Single Barrel Meaning
What does Single Barrel mean on a whiskey or bourbon label? And what about “Store Pick” and “Private Barrel”, are they also variations of the single barrel phrase? The simple answer is that all three phrases are poured from only one barrel. But being satisfied with that answer is like asking if bourbon is whiskey and being satisfied with being told yes. The better question is, “Why make a single barrel whiskey?”
All whiskey is aged in barrels, and each barrel will yield approximately 220 bottles of whiskey. But the purpose of the barrel is not just to be a convenient storage vessel…there are cheaper containers for storage. The purpose of the barrel is to impart flavor, color, aroma, and character to the whiskey.
The vast majority of whiskey & bourbon is blended from a large number of barrels, even if it is the same recipe and batch. This is because each barrel will yield a whiskey with variations in flavor. Blending them together results in a more consistent end product and allows distillers to create their brand name whiskeys with similar flavor profiles year after year.
It’s important to understand that each whiskey barrel is its own microenvironment, and the same whiskey put into different barrels will yield different flavor profiles. Barrels are handmade, the wood comes from different trees, different ages of trees, different forests in different regions. Even if from the same tree the wood may be from near the center or near the outer edge of the tree, or from higher up the tree. All these factors influence the potential impact of the oak upon the flavor of the whiskey.
The char level of the barrel also has a dramatic impact on color and flavor. Even if charred for the exact same time, the characteristics of the wood mentioned above will impact the degree of the char.
Then the barrels are stored in different areas of the of the rickhouse. Some areas are high, some are low, some areas warmer, some cooler, or with different levels of humidity. Over the years in the barrel, some will have a small amount of water evaporation while others may have significant water evaporation.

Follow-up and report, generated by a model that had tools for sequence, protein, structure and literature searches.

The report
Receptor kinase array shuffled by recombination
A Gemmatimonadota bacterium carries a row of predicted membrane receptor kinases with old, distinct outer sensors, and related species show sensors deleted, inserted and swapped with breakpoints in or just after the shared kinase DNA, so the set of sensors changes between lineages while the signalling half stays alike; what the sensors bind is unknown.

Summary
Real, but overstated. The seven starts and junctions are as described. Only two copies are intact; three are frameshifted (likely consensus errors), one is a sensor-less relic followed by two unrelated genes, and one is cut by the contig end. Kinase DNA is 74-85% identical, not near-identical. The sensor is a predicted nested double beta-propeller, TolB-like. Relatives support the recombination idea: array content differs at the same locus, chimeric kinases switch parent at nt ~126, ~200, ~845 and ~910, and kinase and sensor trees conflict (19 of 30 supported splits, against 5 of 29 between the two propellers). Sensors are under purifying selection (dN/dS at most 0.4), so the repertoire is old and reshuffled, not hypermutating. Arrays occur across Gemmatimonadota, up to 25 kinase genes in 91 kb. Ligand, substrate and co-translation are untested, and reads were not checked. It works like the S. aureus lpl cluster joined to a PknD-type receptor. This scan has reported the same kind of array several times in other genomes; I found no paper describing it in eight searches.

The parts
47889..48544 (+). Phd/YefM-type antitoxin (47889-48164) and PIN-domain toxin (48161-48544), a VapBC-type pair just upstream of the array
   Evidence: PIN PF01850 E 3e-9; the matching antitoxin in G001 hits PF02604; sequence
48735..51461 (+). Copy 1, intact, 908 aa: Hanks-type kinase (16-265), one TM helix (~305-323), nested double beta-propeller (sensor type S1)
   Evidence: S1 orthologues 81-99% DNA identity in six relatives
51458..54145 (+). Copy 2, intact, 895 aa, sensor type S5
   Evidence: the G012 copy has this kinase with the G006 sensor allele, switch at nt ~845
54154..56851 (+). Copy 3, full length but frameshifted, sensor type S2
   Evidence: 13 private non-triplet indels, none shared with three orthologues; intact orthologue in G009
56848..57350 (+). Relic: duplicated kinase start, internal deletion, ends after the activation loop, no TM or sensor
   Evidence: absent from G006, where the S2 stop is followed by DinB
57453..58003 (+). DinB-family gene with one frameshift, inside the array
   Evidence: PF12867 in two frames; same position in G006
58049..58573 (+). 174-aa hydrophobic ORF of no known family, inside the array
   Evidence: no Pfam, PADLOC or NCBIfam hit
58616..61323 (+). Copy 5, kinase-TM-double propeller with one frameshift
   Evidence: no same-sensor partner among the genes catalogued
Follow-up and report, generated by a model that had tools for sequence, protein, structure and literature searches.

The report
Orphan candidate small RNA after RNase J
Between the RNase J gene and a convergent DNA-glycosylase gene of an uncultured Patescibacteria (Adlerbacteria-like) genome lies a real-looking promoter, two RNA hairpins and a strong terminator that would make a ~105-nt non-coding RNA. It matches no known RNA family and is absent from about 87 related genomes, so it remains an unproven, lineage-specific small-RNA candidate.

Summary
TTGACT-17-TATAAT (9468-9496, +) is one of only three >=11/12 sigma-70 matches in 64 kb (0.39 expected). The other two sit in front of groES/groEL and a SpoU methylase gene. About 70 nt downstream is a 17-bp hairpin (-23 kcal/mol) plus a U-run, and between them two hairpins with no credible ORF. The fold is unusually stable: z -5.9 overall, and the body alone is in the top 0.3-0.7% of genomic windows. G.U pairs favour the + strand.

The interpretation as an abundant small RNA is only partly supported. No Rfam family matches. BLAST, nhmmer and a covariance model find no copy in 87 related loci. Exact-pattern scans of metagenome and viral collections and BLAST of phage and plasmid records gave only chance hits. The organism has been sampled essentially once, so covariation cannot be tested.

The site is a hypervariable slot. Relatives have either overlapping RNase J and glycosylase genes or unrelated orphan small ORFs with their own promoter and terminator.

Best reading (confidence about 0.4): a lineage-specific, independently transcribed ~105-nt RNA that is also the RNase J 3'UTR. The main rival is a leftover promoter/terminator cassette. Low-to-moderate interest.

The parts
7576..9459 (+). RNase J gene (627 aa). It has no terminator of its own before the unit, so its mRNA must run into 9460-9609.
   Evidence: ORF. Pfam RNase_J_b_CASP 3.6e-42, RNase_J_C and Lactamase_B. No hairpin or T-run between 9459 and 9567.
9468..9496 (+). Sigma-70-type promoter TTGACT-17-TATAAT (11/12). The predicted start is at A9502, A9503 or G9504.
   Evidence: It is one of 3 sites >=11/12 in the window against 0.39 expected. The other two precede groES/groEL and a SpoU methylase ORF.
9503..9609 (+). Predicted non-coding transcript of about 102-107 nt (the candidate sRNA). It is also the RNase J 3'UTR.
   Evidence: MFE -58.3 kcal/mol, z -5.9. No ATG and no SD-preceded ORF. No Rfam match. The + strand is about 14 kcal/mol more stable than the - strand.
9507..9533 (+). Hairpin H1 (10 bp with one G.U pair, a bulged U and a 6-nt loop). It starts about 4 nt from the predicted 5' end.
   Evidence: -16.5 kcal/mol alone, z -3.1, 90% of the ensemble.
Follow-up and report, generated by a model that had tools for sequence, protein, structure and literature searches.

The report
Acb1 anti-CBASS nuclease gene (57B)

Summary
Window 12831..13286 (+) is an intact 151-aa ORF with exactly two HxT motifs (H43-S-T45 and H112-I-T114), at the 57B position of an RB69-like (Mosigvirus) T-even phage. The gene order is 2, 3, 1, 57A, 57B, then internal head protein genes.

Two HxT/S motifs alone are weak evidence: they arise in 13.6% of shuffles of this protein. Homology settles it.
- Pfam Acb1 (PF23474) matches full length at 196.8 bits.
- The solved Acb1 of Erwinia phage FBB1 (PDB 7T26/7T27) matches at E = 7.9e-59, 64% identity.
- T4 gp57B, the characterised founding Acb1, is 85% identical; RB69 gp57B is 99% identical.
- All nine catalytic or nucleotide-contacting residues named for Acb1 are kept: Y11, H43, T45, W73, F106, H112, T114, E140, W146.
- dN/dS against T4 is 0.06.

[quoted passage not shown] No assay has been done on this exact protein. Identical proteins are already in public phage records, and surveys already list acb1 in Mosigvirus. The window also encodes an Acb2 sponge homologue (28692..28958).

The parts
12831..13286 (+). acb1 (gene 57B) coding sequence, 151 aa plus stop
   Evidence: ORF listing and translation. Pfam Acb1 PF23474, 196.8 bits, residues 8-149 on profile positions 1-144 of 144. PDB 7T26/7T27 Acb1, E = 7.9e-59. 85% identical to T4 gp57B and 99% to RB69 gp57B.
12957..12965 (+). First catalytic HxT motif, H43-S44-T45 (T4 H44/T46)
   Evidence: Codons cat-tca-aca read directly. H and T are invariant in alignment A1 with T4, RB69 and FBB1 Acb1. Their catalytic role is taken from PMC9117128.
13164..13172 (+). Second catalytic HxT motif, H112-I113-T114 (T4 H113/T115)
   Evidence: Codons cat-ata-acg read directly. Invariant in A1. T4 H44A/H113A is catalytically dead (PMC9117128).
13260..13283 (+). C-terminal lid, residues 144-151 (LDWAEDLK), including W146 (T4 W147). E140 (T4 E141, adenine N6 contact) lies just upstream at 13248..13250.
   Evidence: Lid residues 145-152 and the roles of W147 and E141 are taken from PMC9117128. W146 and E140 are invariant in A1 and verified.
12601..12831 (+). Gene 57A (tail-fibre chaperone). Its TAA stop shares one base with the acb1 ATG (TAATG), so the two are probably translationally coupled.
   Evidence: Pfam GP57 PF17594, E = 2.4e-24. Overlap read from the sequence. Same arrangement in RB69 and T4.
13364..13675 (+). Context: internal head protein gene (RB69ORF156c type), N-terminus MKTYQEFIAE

All of these conditions impact the aging process and the flavors imparted to the whiskey. Single barrel releases by brands like Knob Creek and Blanton’s began to become popular around 2010, and since then whiskey enthusiasts have demanded more of these unique spirits. Rather than wanting the consistent, everyday flavors of a mass produced product (which are also quite good), whiskey and bourbon lovers seek after these uniquely different whiskeys. Distillers may release multiple single barrel bottles in a year, and each one will be labeled with a barrel number and often with a rick number and/or bottle date.
“Single barrel is small batch to the extreme. It is a batch of one barrel. What this means is that our tasters have gone into the warehouse for a product like Knob Creek Single Barrel, and they’re going to taste many different barrels and pick out a couple that they think are truly exceptional, that really highlight something fantastic about that product. They bottle it one barrel at a time, and therefore each bottle is going to be a little bit different — whereas small batch would taste the same each and every time.” – Hunter Davis, Tour Guide at the Jim Beam American Stillhouse
Who Chooses the Single Barrel Whiskey?
In a distillery, the Master Distiller, or a team of qualified tasters, will evaluate the barrels they think have the best whiskey for a single barrel designation. They will taste the different barrels and then determine which ones have the most unique and interesting flavor profiles.
Store picks or private barrel are usually barrel picks made by people who go to a distillery and choose a barrel to sell as a “store pick” or “private barrel” in their liquor store, restaurant, or bar. Sometimes they will also have the opportunity to add specific flavor components to age in the barrel, such as additional oak staves or charred staves.